iSCSI is here to stay and will eventually supplant a significant portion of the installed base of Fibre Channel SANs out there. Further, as organizations make their initial forays into block-level shared storage, iSCSI will beat Fibre Channel more often than not.
This week, HP announced their $360 million acquisition of LeftHand networks. Last year, Dell surprised the tech industry with a $1.4 billion purchase of the formerly independent EqualLogic. With these iSCSI snap-ups by true tech titans, iSCSI has officially arrived, is here to stay, and, I believe, will become the technology of choice for most organizations in the future.
This is not to say that iSCSI has been sitting in the background up to this point. On the contrary, the technology has taken the industry by storm. Both of these companies based their entire business hopes on the possibility that organizations would see the intrinsic value to be found in iSCSI's simplistic installation and management. To say that both companies have been successful would be an understatement.
I'm a big fan of both EqualLogic and LeftHand Networks offerings, having purchased an EqualLogic unit in a former life. At that time, I narrowed my selection down to two options - LeftHand and EqualLogic. Both solutions had their pros and cons, but both were more than viable.
It's not all about EqualLogic and LeftHand, though. The big guns in storage have finally jumped feet first into the iSCSI fray with extremely compelling products of their own. Previously, these players, including EMC and NetApp, simply bolted iSCSI onto existing products. Lately, even the biggest Fibre Channel vendors are releasing native iSCSI arrays aimed at the mid-tier of the market. EMC's AX4, for example, is available in both native iSCSI and native Fibre Channel versions and is priced in such a way that any organization considering EqualLogic or LeftHand should make sure to give the EMC AX4 a look. To be fair, the iSCSI-only AX4:
- Does not support SAN copy for SAN to SAN replication
- Is not as easy to install or manage as one of the aforementioned devices, but isn't bad either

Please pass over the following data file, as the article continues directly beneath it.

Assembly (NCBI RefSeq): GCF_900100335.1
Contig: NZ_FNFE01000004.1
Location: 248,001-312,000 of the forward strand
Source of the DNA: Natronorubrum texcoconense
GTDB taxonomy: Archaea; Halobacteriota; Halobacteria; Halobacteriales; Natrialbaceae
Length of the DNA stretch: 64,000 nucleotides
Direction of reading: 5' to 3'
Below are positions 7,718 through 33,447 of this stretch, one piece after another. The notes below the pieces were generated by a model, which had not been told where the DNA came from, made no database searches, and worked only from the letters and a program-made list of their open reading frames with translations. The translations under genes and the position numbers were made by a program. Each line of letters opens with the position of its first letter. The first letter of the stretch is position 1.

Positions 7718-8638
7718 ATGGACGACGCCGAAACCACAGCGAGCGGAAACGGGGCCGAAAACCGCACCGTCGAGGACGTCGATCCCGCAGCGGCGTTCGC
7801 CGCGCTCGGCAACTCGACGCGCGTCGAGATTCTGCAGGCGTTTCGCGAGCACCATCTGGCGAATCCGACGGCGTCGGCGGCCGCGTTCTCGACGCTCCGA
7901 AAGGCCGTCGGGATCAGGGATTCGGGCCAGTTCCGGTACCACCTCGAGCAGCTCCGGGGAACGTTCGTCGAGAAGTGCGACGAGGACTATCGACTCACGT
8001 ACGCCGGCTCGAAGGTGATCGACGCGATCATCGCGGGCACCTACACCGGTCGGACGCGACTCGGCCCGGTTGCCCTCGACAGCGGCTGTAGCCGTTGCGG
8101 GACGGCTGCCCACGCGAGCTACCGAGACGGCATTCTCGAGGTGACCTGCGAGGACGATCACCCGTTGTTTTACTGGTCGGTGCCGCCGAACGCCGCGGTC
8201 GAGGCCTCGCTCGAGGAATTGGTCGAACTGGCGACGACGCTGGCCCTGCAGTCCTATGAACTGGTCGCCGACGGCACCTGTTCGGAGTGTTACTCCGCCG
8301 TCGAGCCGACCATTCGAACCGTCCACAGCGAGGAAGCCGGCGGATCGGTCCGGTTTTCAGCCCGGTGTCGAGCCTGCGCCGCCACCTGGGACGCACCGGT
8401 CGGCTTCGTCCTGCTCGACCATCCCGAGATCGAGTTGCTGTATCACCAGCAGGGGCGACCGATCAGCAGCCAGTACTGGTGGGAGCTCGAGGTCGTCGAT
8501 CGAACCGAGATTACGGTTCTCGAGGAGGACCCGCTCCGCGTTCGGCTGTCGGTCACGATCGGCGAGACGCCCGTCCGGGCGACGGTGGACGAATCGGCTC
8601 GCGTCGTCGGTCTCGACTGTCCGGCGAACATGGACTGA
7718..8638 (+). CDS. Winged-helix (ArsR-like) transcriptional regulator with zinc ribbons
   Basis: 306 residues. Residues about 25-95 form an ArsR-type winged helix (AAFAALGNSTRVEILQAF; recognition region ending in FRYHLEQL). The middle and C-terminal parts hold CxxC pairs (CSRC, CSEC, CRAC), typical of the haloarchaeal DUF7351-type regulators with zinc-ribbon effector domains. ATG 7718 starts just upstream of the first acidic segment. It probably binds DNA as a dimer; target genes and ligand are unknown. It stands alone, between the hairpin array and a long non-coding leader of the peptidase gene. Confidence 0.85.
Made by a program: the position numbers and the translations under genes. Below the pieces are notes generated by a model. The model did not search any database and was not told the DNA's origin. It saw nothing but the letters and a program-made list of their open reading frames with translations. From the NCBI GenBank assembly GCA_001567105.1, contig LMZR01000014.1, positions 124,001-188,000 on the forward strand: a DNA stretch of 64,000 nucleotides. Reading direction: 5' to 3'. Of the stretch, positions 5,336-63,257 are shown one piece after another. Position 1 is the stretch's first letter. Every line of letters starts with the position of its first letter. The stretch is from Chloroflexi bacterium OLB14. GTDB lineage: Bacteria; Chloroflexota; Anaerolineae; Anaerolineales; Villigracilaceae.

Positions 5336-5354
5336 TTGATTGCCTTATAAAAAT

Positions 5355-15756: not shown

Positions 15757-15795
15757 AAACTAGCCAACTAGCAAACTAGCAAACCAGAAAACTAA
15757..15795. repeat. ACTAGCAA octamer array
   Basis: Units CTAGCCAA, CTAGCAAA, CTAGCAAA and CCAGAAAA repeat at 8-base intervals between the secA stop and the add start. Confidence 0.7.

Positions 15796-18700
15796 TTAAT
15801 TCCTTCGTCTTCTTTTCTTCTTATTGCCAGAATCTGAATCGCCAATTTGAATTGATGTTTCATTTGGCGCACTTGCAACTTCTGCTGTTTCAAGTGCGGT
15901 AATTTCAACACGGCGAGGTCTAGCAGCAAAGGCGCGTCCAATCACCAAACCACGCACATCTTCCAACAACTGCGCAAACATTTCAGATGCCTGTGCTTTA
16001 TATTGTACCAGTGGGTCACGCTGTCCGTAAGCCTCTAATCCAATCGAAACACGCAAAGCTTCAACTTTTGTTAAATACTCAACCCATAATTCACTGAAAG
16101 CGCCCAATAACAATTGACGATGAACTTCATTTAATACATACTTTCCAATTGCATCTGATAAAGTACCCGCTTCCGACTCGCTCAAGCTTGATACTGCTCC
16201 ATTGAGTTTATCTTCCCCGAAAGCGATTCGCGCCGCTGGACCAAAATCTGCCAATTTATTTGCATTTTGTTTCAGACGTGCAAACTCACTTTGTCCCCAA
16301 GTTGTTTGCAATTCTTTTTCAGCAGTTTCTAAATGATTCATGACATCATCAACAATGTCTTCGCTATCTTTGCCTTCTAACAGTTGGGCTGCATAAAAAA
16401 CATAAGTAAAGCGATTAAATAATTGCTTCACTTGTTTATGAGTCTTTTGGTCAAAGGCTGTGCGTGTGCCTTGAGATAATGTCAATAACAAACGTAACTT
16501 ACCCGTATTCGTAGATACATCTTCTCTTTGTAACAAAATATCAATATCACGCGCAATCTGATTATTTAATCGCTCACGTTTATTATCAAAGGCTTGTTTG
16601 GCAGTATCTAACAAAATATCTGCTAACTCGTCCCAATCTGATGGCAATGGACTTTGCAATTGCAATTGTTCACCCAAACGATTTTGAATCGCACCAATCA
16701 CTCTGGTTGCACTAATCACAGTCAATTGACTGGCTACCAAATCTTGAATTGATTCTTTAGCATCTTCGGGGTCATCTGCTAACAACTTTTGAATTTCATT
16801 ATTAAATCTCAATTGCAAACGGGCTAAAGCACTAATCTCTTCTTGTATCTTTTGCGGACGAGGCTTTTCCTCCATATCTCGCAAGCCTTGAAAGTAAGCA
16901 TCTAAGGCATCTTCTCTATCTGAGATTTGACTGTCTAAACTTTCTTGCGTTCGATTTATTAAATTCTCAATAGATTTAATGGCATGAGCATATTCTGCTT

- The bandwidth to the array does not increase as additional space is added
- It does not include thin provisioning, although this was rumored to be rectified in a future software release
- The AX4 supports up to 64 attached hosts
But, the price per TB is simply incredible and a solution based on a different vendor would not have been attainable. This year, I purchased just shy of 14 TB of raw space on a pair of AX4 arrays-4.8 TB SAS and 9 TB SATA-for under $40K. For the foreseeable future, I don't need SAN copy and space can be managed in ways other than through thin provisioning. Over time, we'll run about two dozen virtual machines on the AX4 along with our administrative databases and Exchange 2007 databases. By the time I need additional features, the AX4 will be due for replacement anyway.
iSCSI started out at the low end of the market, helping smaller organizations begin to move toward shared storage and away from direct attached solutions. As time goes on, iSCSI is moving up the food chain and, in many cases, is supplanting small and mid-sized Fibre Channel arrays, particularly in organizations that have never had a SAN before. As iSCSI continues to take advantage of high-speed SAS disks and begins to use 10Gb Ethernet for a transport mechanism, I see iSCSI continuing to move higher into the market. Of course, faster, more reliable disks and faster networking capabilities will begin to close the savings gap between iSCSI and Fibre Channel, but iSCSI's reliance on Ethernet for an underlying transport mechanism brings major simplicity to the storage equation and I doubt that iSCSI's costs will ever surpass Fibre Channel anyway, mainly due to the expensive networking hardware needed for significant Fibre Channel implementations.
Even though iSCSI will continue to make inroads further into many organizations, I don't think that iSCSI will ever completely push Fibre Channel out of the way. Many organizations rely on the raw performance afforded by Fibre Channel and the folks behind Fibre Channel's specifications aren't sitting still. Every year brings advances to Fibre Channel, including faster disks and improved connection speeds.
In short, I see the iSCSI market continuing to grow very rapidly and, over time, supplanting what would have been Fibre Channel installations. Further, as organizations continue to expand their storage infrastructures, iSCSI will be a very strong contender, particularly as the solution is updated to take advantage of improvements to the networking speed and disk performance.